TAKING PHYSICS TO THE HEART OF VENDA (The NSW2016 WITS Report)

 

After two hours of experiments and chat with the students, it was time to leave, thoroughly exhausted by the heat and the scientific explanations.

Thursday 10th August, we were back to Mukula high school, this time with a different group of five schools from the circuit to entertain and impress. I was determined to show off my new learned Venda words: I swapped the English “Hello” for the Venda “Ndaa”, pleasantly shocking my interlocutors, who lost me completely with unexpected answers. We had our round of photos before the litany of speeches (once again). Today was a bit different; we were

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joined by a special guest in the person of Dr Eric Musekene, the leader of a local NGO who arranged, together with the schools and Chief, our visit in Limpopo. Dr Musekene had helped arranging the same event the year before. It went well enough that we were asked to come again

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this year. Furthermore, the team of student DJs was more prepared – the microphone and electronic instruments had been out of service the day before.

After the morning ceremony, we skipped lunch and carried on directly with the two-hour long demos. This time, we knew what the learners wanted. Though they had shown a preference for the exploding balloons, they were even more interesting in getting those balloons for themselves. This group was no different; this made it easier to entice them into paying attention.

 

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This group was more open than the previous one to personal questions: “How long does it take you to become a doctor?”, “why did you chose science?”, “what do I need to do to study at Wits?”, “is it difficult?”… . By the early afternoon we were done and ready to pack our equipment before heading back to the hotel for a power nap; we had a stargazing session planned for the evening. By six in the evening we were back to the school, where a sparse crowd of students and other kids in the area were waiting. The sky was dark enough that we could get set straight away, our astronomy crew leading the proceedings. Luckily, Venus had not yet disappeared over the horizon behind the school building. Though I admit we could not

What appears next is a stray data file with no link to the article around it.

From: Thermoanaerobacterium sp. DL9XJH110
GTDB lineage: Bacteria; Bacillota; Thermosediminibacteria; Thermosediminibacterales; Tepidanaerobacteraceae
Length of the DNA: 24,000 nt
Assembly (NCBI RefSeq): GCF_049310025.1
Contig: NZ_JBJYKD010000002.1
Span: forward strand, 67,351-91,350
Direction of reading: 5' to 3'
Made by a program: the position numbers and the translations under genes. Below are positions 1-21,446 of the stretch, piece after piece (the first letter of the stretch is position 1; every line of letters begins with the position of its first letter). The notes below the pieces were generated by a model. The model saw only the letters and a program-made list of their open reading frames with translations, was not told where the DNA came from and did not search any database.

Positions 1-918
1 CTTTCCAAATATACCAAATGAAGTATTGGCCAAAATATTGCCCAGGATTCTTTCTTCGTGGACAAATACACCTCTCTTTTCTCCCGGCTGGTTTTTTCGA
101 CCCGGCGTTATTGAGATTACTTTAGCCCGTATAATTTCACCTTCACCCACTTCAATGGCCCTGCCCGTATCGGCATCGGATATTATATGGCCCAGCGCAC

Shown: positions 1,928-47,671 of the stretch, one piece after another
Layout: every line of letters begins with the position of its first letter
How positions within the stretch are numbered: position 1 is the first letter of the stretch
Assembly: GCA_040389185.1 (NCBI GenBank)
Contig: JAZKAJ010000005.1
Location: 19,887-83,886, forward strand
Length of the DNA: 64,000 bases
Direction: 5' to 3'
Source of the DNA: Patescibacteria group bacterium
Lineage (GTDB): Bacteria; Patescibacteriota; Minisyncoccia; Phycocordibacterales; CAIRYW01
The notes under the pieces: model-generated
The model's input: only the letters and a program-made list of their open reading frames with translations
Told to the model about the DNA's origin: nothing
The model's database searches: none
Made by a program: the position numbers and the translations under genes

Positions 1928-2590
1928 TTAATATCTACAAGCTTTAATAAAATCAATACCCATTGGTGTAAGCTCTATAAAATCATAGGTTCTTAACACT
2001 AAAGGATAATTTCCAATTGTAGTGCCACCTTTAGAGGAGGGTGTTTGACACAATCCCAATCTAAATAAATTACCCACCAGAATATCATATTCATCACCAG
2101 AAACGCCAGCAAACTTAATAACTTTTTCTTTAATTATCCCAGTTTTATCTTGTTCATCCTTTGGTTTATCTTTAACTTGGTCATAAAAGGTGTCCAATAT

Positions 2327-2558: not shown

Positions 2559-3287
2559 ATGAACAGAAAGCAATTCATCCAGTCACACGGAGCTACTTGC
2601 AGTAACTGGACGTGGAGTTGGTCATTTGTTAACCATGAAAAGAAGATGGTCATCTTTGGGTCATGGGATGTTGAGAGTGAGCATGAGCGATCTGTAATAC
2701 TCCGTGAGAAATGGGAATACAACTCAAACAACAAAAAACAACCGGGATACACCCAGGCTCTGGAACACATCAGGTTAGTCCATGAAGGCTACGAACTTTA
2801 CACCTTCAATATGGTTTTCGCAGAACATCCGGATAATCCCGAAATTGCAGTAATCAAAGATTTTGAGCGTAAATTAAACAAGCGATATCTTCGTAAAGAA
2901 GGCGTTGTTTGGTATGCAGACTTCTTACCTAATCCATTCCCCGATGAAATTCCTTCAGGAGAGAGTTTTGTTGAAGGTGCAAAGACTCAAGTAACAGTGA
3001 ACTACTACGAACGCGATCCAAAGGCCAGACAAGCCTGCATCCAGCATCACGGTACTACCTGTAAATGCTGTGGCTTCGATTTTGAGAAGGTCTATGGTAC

see much details with our telescope. Nevertheless, for a first time, it was amazing. After Venus had left the party, we settled for our closest galactic neighbour: the moon. Seeing the craters so close and in such high definition was a first for all the kids present. “Waaaaouh!” was the common interjection when placing one eye on the eyepiece. One after the other, they all wanted to witness this sorcery that

allowed them to see so far away. Saturn on the other hand was trickier to catch with the eye; we had to almost continuously adjust the telescope to catch a glimpse of its shiny rings. For the lucky ones who did, it was definitely a sight they will always remember. Mars on the other hand was not as interesting as movies like the Martian portray it; in Mars’s defence, we just had our telescope to blame for it. The rest of the evening was dedicated to one more photoshoot, our last one in Mukula before heading to Vhaluvhu High School the day after, a little over a hundred kilometres away from Mukula High School. The goodbye were quite emotional; we received many thanks from the locals and the Chief. We hope to see once more.

 

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